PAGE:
This is about a guy returning to go to his father's funeral, but he hasn't even been in america in several years and eveyone in his family seems to dislike him.
When my sister called me five years ago one Monday morning, I had been expecting another monochrome conversation (she had been the only one to converse with me in those days). I wasn't expecting her to tell me the old man had died. I took an early flight out of Ciudad Juárez and landed in New York City hours later. When I got to the hotel, I was dead tired. The next day when I had dressed in the suit I had worn to several other funerals in Ciudad Juárez, l looked myself over in the mirror. My eyes were bloodshot and had aged twenty years with wrinkles under them. They had lost their passion after the first funeral and had glazed over. I sighed, deciding it was time to face my family for the first time in seven years. I walked out of the hotel and tried to hail a cab with no success. I didn't remember it being that hard to get a cab when I had lived in the city.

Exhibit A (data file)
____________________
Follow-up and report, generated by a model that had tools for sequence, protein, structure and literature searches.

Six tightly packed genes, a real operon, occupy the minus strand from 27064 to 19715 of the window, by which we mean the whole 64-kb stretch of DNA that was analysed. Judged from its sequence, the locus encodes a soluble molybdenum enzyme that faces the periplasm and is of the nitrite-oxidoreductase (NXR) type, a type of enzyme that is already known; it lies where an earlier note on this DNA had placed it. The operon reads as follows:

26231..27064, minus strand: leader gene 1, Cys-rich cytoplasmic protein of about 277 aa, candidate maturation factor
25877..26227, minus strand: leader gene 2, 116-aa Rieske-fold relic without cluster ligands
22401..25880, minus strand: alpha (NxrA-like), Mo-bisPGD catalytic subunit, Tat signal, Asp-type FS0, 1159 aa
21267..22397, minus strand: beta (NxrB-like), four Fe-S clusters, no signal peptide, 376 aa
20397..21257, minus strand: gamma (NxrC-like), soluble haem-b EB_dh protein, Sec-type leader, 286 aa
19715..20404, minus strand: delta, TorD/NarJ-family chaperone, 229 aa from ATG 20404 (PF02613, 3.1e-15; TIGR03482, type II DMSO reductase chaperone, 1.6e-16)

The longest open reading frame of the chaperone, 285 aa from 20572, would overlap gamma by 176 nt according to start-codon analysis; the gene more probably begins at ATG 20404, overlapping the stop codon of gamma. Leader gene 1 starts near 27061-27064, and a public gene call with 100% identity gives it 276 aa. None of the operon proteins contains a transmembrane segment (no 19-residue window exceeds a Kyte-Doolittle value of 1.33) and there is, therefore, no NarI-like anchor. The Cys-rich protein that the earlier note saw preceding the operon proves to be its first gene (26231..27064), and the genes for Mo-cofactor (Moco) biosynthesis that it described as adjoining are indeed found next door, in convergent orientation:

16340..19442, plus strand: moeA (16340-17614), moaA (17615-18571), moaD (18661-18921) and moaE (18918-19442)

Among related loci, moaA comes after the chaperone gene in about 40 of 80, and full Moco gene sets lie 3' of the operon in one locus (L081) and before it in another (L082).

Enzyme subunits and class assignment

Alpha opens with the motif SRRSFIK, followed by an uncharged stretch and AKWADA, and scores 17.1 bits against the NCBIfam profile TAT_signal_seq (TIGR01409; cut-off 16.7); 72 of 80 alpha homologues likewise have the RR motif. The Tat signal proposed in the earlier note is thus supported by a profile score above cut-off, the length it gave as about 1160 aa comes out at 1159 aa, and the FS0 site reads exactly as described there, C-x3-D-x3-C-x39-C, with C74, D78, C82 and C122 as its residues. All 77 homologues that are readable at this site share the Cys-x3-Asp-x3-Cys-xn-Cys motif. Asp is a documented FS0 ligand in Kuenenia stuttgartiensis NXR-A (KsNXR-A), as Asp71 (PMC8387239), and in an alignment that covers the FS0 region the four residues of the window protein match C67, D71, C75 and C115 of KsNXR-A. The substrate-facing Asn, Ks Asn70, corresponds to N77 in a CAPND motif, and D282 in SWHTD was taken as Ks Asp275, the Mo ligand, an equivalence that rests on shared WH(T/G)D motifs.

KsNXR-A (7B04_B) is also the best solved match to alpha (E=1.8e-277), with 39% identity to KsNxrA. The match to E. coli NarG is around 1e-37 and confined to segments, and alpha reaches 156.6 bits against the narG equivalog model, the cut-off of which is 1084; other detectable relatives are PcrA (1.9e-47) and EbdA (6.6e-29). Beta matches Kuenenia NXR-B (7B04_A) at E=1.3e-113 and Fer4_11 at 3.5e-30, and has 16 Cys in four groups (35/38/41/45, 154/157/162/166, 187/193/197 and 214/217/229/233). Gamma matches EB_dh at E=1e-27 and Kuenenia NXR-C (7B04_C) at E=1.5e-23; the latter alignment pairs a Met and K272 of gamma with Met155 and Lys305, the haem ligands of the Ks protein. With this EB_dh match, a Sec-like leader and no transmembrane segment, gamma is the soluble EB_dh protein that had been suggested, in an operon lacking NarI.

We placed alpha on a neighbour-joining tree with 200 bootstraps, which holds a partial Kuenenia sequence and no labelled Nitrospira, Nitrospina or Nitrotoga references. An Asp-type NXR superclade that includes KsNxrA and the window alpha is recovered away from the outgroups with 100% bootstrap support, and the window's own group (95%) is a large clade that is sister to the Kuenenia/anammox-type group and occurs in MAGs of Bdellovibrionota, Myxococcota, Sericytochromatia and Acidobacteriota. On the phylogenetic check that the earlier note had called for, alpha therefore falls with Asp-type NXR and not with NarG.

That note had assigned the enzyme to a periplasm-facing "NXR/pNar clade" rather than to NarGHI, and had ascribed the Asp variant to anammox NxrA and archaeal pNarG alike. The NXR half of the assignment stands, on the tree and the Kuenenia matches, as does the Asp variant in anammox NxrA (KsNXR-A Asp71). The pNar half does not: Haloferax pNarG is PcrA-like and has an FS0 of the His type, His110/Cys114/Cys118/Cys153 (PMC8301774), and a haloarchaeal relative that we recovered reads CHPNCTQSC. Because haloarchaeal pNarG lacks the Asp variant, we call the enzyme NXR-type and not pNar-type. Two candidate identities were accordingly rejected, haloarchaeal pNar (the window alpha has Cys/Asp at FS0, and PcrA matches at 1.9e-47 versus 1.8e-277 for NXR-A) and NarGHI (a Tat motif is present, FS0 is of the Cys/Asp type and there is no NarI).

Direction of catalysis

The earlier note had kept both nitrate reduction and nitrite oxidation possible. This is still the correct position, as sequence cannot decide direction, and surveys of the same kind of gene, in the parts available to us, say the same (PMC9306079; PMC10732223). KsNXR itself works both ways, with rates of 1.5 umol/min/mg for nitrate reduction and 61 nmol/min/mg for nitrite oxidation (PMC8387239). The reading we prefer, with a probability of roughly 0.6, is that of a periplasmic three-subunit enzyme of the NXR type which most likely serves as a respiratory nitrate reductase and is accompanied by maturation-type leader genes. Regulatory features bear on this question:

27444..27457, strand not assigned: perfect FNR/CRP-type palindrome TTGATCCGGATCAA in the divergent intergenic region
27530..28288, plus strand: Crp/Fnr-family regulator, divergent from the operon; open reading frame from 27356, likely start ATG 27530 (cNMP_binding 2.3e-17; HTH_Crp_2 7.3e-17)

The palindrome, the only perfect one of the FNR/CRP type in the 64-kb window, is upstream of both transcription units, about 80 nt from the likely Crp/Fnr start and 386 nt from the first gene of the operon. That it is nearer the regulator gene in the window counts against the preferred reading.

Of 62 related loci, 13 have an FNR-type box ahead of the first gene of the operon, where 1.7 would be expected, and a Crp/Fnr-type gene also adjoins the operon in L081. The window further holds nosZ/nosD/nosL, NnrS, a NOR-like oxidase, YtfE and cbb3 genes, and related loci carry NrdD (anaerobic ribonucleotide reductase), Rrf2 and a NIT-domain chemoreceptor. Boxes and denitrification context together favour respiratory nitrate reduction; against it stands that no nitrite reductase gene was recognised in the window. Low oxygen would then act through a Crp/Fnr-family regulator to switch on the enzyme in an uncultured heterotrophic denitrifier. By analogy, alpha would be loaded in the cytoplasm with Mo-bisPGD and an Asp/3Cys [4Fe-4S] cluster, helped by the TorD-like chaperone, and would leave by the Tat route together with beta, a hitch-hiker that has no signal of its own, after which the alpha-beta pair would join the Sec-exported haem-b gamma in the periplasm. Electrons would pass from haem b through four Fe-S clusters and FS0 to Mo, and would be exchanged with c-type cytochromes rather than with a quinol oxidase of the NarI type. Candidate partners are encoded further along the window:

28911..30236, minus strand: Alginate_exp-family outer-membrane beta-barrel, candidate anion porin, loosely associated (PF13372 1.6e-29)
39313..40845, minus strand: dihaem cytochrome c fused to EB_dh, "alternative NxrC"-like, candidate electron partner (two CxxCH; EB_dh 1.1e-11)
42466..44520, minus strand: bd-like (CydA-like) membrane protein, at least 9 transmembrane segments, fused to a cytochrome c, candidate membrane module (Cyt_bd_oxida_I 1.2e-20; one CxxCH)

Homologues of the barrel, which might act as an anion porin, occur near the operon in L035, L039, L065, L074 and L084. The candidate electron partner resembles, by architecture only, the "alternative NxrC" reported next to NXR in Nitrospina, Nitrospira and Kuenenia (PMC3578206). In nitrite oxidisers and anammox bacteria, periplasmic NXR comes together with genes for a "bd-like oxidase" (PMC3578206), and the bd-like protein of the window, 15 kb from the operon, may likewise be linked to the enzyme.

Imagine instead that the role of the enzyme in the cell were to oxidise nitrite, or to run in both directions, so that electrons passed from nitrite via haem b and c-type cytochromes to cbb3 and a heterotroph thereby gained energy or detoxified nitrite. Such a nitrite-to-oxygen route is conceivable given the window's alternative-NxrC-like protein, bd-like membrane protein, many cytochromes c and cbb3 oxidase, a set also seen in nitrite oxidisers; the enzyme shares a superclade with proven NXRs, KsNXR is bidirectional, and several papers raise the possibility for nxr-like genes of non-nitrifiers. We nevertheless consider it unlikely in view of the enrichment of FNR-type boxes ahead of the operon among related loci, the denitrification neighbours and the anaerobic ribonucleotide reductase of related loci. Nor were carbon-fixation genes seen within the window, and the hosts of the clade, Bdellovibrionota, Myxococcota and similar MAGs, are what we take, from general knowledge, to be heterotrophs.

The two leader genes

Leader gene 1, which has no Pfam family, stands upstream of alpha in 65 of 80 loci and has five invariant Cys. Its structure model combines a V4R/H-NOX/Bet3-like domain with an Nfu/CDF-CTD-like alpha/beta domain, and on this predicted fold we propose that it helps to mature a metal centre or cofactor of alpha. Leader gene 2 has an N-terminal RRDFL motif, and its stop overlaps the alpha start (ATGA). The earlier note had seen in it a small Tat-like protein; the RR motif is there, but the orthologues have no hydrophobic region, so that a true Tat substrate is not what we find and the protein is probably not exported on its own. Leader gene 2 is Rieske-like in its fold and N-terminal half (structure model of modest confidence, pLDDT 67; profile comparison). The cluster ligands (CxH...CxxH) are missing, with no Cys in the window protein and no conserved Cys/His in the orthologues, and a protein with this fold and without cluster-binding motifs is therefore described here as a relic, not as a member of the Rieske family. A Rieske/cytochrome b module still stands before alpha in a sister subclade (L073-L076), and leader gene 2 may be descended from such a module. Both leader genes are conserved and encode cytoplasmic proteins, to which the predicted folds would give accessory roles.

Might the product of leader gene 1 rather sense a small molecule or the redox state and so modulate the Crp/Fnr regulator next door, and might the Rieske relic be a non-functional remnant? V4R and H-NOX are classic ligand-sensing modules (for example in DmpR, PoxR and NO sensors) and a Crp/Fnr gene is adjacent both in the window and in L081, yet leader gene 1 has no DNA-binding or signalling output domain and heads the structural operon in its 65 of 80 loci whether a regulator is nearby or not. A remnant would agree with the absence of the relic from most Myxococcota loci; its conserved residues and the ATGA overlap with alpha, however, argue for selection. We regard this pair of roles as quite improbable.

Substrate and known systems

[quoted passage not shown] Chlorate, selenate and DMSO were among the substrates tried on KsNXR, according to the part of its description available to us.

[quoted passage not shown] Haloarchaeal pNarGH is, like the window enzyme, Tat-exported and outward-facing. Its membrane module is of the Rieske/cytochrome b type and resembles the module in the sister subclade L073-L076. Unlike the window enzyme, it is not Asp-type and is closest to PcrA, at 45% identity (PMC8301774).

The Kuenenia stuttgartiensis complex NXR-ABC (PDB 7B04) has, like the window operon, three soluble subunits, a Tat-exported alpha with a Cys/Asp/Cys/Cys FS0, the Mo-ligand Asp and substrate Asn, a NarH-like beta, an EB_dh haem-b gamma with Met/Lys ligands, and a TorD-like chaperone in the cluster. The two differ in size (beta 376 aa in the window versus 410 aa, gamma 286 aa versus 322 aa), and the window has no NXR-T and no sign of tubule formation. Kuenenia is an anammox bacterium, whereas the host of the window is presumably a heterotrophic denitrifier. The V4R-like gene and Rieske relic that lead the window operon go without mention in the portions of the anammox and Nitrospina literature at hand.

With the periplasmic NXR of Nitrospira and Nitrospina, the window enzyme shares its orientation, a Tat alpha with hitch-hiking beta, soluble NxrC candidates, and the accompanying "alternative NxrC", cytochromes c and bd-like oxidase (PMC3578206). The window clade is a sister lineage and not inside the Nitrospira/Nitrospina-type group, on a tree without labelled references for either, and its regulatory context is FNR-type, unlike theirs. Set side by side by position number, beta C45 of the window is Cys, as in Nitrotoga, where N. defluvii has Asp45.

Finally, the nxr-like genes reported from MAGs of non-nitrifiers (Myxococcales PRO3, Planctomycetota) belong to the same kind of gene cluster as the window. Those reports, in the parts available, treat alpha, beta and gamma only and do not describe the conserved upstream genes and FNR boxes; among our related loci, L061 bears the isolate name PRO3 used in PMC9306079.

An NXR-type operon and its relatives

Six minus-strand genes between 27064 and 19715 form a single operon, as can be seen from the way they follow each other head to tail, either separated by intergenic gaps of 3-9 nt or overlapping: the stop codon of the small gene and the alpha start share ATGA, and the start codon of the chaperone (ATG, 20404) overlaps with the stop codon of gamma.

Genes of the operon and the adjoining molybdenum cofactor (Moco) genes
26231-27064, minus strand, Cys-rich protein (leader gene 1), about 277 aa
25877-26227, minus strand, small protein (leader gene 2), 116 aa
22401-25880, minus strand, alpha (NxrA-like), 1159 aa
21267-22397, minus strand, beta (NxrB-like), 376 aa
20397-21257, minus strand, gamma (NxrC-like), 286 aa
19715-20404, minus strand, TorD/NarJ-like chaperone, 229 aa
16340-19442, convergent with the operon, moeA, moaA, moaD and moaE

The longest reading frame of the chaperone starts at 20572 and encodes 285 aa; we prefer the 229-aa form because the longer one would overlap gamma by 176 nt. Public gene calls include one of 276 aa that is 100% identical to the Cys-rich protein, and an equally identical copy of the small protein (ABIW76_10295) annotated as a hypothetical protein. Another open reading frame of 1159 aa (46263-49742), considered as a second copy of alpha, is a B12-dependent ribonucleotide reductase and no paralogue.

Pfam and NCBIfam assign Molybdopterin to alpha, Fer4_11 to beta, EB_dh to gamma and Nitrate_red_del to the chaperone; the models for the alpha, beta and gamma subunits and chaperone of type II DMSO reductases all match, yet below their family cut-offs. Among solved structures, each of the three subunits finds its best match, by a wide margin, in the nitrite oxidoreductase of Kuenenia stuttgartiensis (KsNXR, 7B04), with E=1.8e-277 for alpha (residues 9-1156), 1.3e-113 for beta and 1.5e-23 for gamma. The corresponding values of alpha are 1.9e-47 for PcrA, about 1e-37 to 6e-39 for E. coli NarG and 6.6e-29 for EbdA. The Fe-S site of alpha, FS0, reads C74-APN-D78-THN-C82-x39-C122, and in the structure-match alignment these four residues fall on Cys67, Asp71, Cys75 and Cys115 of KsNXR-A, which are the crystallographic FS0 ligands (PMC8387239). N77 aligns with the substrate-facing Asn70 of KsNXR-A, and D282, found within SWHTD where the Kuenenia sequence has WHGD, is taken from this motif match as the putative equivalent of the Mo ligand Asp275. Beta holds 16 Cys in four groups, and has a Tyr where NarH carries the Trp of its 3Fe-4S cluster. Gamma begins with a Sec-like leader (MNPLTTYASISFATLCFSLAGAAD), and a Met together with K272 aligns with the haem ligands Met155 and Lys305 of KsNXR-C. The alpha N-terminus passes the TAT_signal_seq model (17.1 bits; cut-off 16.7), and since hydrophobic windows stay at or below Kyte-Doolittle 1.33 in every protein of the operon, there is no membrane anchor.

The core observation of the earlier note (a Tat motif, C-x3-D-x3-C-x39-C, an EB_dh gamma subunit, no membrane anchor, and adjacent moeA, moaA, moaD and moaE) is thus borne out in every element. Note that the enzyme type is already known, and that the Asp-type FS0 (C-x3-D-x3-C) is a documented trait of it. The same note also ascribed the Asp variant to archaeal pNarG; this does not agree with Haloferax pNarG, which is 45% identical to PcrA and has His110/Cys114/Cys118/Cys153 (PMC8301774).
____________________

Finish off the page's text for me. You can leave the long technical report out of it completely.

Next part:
Then I saw, or rather heard, a woman running down the street behind me. I turned around to see my sister herself in all black, including her expensive black heels and black purse. I would never be able to understand how my sister could spend money on shoes and purses.
'Women,' I thought, rolling my eyes.
She finally made it to me and wasn't even gasping for breath.
"Hello, brother. It's good to see you. Let me hail us a cab," my sister said, and then she whistled loudly.
A cab suddenly came to an abrupt stop next to me. Its tires squealed at the abrupt stop and stung my ears like pin needles. I gave her a shocked look.
"You could always hail a cab better than me, sis," I stated flatly.
I wasn't totally sure if I had lied or not. The past seven years had been annoyingly long for me. I couldn't even remember what the old man had looked like anymore. My last words to him were harsh. I didn't regret them though. The old goat was planning out my whole life before it even started.
"Yeah, well, you never did care for this city. Let's go before the cab leaves without us," my sister replied. I guess that wasn't a lie after all.